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American Postmodernity

Essays on the Recent Fiction of Thomas Pynchon

Ian Copestake

This book brings together nine original essays from Pynchon scholars around the world whose work furthers the debate concerning the nature of perceived shifts in the sensibility, style and subject-matter of Pynchon’s fiction from The Crying of Lot 49 to Mason & Dixon. Of particular concern is the complex relationship between Pynchon’s challenging and evolving œuvre and notions of postmodernity which this volume’s focus on Pynchon’s most recent fiction helps bring up-to-date. Five of the collection’s essays examine the writer’s achievement in Mason & Dixon and were first presented in 1998 as papers at King’s College, London, as part of International Pynchon Week. The volume includes contributions from renowned Pynchon scholars such as David Seed, David Thoreen and Francisco Collado Rodríquez, and offers perspectives on Pynchon’s achievement in The Crying of Lot 49, Vineland and Mason & Dixon which view those works in relation to a fascinating variety of subjects such as hybridity, mapmaking and representation, the work of Marshall McLuhan, American comic traditions, metafiction, madness in American fiction, science and ethics. Reconfirmed throughout is the ethical seriousness of a writer who remains one of American literature’s most fascinating, important and ever elusive figures.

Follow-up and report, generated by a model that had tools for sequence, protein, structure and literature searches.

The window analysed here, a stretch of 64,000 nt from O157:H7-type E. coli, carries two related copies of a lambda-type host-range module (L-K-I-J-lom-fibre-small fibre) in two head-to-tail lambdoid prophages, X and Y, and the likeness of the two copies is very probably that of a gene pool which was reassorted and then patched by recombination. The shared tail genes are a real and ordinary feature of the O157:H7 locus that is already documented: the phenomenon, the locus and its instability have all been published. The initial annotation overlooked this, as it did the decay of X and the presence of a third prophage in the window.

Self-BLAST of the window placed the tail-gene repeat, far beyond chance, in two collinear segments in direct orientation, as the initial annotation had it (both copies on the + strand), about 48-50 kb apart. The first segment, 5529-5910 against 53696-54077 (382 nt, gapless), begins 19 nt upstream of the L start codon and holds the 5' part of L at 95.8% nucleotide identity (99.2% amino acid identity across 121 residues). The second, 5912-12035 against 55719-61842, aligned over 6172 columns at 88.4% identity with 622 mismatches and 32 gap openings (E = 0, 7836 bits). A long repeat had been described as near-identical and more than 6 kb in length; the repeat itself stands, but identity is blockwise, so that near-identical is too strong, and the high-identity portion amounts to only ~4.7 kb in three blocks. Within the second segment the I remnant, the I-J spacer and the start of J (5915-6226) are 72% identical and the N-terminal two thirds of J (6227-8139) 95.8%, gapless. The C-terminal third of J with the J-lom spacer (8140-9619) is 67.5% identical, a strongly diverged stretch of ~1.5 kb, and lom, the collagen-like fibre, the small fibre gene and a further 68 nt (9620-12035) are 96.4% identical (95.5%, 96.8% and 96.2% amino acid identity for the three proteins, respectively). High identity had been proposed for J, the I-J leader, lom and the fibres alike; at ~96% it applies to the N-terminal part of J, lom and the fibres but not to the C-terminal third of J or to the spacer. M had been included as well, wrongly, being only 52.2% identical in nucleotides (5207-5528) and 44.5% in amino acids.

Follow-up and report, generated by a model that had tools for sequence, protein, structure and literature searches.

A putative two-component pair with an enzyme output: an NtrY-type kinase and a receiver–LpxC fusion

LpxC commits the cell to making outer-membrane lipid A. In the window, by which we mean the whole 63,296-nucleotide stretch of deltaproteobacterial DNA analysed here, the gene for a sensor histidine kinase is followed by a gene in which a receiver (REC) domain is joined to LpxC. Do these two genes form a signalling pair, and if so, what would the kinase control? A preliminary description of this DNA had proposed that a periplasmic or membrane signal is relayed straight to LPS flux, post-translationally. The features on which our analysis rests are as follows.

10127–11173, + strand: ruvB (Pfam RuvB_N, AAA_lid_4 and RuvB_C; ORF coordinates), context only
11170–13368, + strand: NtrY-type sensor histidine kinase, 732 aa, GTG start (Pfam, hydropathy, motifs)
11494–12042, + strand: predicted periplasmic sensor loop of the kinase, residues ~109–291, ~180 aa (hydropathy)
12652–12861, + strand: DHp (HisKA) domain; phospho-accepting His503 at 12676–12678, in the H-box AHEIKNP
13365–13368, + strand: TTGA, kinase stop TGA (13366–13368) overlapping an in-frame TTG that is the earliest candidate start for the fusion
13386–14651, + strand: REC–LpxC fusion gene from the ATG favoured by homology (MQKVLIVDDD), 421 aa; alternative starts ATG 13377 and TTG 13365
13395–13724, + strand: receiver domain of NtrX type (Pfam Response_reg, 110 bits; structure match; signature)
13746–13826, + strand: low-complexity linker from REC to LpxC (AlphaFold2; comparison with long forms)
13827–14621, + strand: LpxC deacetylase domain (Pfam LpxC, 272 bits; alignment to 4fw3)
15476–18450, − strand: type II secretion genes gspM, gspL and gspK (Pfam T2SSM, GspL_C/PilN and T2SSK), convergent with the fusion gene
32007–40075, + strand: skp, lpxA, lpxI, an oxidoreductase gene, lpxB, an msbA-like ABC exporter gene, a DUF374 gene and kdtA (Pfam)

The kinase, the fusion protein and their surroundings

Contents: Ian D. Copestake: Introduction. Postmodern Reflections: The Image of an Absent Author – David Seed: Media System in The Crying of Lot 49 – David Dickson: Pynchon’s Vineland and «That Fundamental Agreement in What is Good and Proper»: What Happens when we Need to Change it? – David Thoreen: In which «Acts Have Consequences»: Ideas of Moral Order in the Qualified Postmodernism of Pynchon’s Recent Fiction – Francisco Collado Rodríguez: Mason & Dixon, Historiographic Metafiction and the Unstable Reconciliation of Opposites – William B. Millard: Delineations of Madness and Science: Mason & Dixon, Pynchonian Space and the Snovian Disjunction – Martin Saar/Christian Skirke: «The Realm of Velocity and Spleen»: Reading Hybrid Life in Mason & Dixon – John Heon: Surveying the Punch Line: Jokes and their Relation to the American Racial Unconscious/Conscience in Mason & Dixon and the Liner Notes to Spiked! – Robert L. McLaughlin: Surveying, Mapmaking and Representation in Mason & Dixon – Ian D. Copestake: «Off the Deep End Again»: Sea-Consciousness and Insanity in The Crying of Lot 49 and Mason & Dixon.